Monday, May 10, 2010

Stress and Transparency

She told me she'd like to pray for me, then leaned across the table and asked,

     "Marti, what is your heart's desire?"

The question didn't come out of the blue, not entirely, but I'd met this woman five minutes before and would most likely never see her again. Being put on the spot like that freaked me out. I'm sure she meant well. I didn't get up and leave; I gave her an answer. Whether it was true or not I cannot say. It felt like those "why" questions we avoid in ethnography: they force someone to be analytical or make up an answer or explanation for something when they may not really have one. I train ethnographers to approach such questions but ask them less directly, to use words that are more open-ended and less likely to come across as a threat.

But here I was, asked what was to me a hard question, squirming.
Later, I wondered if there was something I could learn about myself and how I like to be approached, and maybe about how to approach others. Or certain others.

First, I had to ask, is it just me? Could it be that there's something lacking or immature or wrong with me that I'm not that in touch with my emotions, that I don't have that kind of self-knowledge at my fingertips? or that I didn't want to answer such an intimate question, at least not then and there?

It's not just that she was a stranger.
I talk to strangers all the time. I love to meet new people. And while I have a big streak of shyness, I am just as likely to blurt out things that are deep or personal without being prompted, as I am to hold back or withdraw. I usually enjoy a good, deep conversation about things that matter.

But even under the best of circumstances I am not consistently transparent, especially when I'm dealing with stuff I'd just rather not put out on the table for one reason or another. I have had a bit of counseling and found it helpful, but dread counseling appointments; even meeting with L., my sabbatical adviser, or the little "sabbatical support group" I assembled: they all say they look forward to talking those evenings, but not me. But I find myself fantasizing about things that could come up that would give me an excuse to cancel. (Never happens, so I go ahead. Though the sabbatical group is falling apart and I'm not sure what to do about it.)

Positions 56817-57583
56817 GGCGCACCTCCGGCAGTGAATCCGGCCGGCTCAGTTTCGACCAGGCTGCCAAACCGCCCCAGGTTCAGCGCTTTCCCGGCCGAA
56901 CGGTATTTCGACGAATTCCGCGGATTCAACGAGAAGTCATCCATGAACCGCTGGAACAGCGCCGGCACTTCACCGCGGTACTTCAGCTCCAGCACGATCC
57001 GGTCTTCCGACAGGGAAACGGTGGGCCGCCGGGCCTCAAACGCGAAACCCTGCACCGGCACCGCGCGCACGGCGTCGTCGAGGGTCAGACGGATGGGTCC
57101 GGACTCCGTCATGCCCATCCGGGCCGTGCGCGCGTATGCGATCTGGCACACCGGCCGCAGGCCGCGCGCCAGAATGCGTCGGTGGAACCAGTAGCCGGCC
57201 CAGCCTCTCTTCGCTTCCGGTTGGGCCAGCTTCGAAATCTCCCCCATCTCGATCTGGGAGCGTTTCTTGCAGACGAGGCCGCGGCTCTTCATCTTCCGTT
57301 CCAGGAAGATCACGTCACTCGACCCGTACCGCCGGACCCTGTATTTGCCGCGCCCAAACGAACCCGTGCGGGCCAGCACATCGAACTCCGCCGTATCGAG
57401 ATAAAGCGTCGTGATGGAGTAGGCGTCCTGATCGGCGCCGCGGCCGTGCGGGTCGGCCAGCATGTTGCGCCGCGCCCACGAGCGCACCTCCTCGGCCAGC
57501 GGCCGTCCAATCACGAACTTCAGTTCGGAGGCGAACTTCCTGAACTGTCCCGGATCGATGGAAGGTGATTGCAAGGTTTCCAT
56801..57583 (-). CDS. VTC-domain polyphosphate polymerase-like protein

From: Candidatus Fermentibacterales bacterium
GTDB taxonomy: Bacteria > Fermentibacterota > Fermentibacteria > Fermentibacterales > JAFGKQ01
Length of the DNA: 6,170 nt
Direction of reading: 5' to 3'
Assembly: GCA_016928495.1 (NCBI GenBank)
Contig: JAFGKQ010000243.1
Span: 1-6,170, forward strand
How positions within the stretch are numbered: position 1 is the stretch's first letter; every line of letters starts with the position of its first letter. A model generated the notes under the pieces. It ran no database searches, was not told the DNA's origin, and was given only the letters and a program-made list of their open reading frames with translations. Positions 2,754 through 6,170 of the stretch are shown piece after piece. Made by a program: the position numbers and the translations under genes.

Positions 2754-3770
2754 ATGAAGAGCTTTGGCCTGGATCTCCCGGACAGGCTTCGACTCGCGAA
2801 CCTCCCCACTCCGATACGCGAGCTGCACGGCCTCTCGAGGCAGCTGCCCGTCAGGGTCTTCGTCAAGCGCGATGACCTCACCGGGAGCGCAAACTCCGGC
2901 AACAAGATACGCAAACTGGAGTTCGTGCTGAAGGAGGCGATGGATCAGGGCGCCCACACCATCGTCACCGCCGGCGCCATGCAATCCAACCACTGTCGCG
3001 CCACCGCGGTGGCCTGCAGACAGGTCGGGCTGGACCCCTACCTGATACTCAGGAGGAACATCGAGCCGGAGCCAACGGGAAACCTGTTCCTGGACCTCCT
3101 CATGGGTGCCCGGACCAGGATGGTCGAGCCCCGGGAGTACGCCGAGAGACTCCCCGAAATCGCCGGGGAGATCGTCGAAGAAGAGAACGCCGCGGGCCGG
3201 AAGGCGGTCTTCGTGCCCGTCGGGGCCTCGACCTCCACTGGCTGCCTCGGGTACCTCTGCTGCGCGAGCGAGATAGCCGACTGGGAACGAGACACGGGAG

Pressure to Be Transparent

I think it's a matter of pressure - pressure to be transparent.
I want, instead, to be invited. I want to go second. I want to choose how much to say or what kind of words to use. I want the motivation to come from within. If I were an athlete, I'd want to participate in events where they start the clock when you begin, not when they ring the bell or blow the whistle and that's how you know when to start.

Life doesn't always give you that kind of freedom, though, does it?
It doesn't give you safe environments or wait until you are ready. And that can be okay; some people need to or want to be pushed. Are you one of them? Or does it depend on the topic or context?